Stallions rally, stay ahead of pack, 28-20

September 10, 1995|By Gary Lambrecht | Gary Lambrecht,Sun Staff Writer

For three quarters last night, the Baltimore Stallions took a step back in time, back to the days when their offense consisted of sporadic drives, untimely breakdowns and the steady right foot of kicker Carlos Huerta.

But the Stallions, mainly quarterback Tracy Ham, found their stride in crunch time against the Birmingham Barracudas, and the result was a come-from-behind, 28-20 victory before 29,013 at Memorial Stadium.

The Stallions (9-3) won their third straight game, swept their season series with Birmingham (6-5) and solidified their grip on the Canadian Football League's Southern Division. They also dropped the Barracudas into a second-place tie with San Antonio.

And they did it in dramatic fashion, in a game that changed hands four times in the second half and saved the spectators from a complete night of boredom. The first half produced just six points, with Baltimore taking a 5-1 lead.

The second half, particularly the fourth quarter, was a different story. Baltimore, stung by a brilliant night by Birmingham quarterback Matt Dunigan -- he threw for 384 yards and a touchdown -- found themselves trailing 20-18 when Birmingham kicker Luis Zendejas kicked a 25-yard field goal with a little under 10 minutes to play.

Ham then ignited the Stallions with the game's critical drive, a 69-yard march that ended when Ham found slotback Chris Armstrong in the back of the end zone for a 4-yard score with 5:52 left. It marked Armstrong's second touchdown reception in his past seven games, and gave him his first 100-yard receiving game of the season.

Huerta then kicked his fourth field goal in as many tries with 1:26 left to seal the victory. That completed a 17-point quarter for Baltimore, which missed running back Mike Pringle, the CFL's leading rusher who sat out with a left hamstring injury.

"I think that is a classic example of finding a way to win when things aren't going right for you," Baltimore coach Don Matthews said. "Things weren't going right. We were drawing too many penalties and shooting ourselves in the foot, but the players hung in there."

No one hung as tough as Ham, who absorbed five first-half sacks by the blitzing Barracudas before rallying the Stallions with his best game of the year.

Ham finished with 25 completions in 35 attempts for 315 yards and two touchdowns. He also rushed for 53 yards.

He was at his best on the go-ahead drive. He completed a 16-yard pass to Armstrong and a 14-yarder to wide receiver Shannon Culver, before scrambling for 16 yards inside the Birmingham 10. Ham took a late hit on the play, moving the Stallions to the 4. On the next play, Ham hit Armstrong, who finished with six receptions for 103 yards.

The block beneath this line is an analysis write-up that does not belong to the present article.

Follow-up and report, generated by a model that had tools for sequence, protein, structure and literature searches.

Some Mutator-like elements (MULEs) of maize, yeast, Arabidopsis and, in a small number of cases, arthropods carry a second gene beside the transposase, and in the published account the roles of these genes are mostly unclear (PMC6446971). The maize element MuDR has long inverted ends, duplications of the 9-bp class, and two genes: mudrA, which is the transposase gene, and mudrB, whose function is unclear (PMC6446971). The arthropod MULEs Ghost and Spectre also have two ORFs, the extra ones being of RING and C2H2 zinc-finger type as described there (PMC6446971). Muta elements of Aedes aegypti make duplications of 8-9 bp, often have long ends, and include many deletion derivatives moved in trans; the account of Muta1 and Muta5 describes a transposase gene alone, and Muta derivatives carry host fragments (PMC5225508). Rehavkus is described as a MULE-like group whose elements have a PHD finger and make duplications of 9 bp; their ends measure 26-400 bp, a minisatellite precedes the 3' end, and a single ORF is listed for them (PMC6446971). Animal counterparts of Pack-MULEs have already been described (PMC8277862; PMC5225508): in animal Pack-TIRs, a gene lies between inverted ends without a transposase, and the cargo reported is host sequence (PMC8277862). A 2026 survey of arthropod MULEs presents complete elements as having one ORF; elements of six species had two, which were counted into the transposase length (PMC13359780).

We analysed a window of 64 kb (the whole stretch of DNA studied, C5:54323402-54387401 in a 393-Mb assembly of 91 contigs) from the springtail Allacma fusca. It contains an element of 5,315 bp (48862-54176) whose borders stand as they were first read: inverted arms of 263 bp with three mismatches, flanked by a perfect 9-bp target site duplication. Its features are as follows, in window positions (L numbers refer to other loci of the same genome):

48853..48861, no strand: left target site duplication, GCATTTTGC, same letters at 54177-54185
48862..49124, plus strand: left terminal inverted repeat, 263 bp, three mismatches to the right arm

"We had to move it out of the pocket and give them different looks," Ham said. "We stopped making mistakes we had made earlier in the game. We knew were going to have to throw."

Things didn't look good for Baltimore midway through the third quarter. Their running game, despite a solid effort from Robert Drummond, who replaced Pringle by rushing 17 times for 67 yards, was inconsistent.

Eleven penalties at a cost of 85 yards didn't help the attack. And Dunigan recovered from a rough first quarter by attacking the Stallions effectively deep, especially with wide receiver Jason Phillips (six catches, 159 yards).

Dunigan gave Birmingham its first lead of the game, when, with 5:34 left in the third quarter, he threw a perfect, 35-yard strike to Marcus Grant. Despite tight coverage by Baltimore cornerback Irv Smith, Grant hauled in the pass in the end zone to give the Barracudas a 14-11 lead. Zendejas kicked a 33-yard field goal with 4:17 left in the quarter to extend Birmingham's lead to 17-11.

With the fans booing loudly, the Stallions regrouped on their next possession, thanks largely to a successful fake punt on a third-and-nine at Baltimore's 45. Fullback Peter Tuipulotu took the short snap and rambled for 13 yards and a first down, giving the Stallions new life.

"There probably wasn't a bigger play in the game," Matthews said. "When you call that, you've got to get them [the defense] in the right formation. Peter calls it, but I give him the green light. He made a good decision. If he would've called it off, I would've killed him."

A holding penalty set the Stallions back temporarily, but Ham responded with 16-yard completions to Armstrong and Tuipulotu, while adding a 7-yard scramble to the Birmingham 23. Two plays later, rookie Chris Wright, who has grabbed most of his headlines as a kick returner -- he had 271 all-purpose yards last night -- when he took a swing pass from Ham and scored a 20-yard touchdown on the first play of the fourth quarter.

That put Baltimore on top 18-17, but after Zendejas' field goal, Ham and Armstrong were left to perform their game-deciding heroics.

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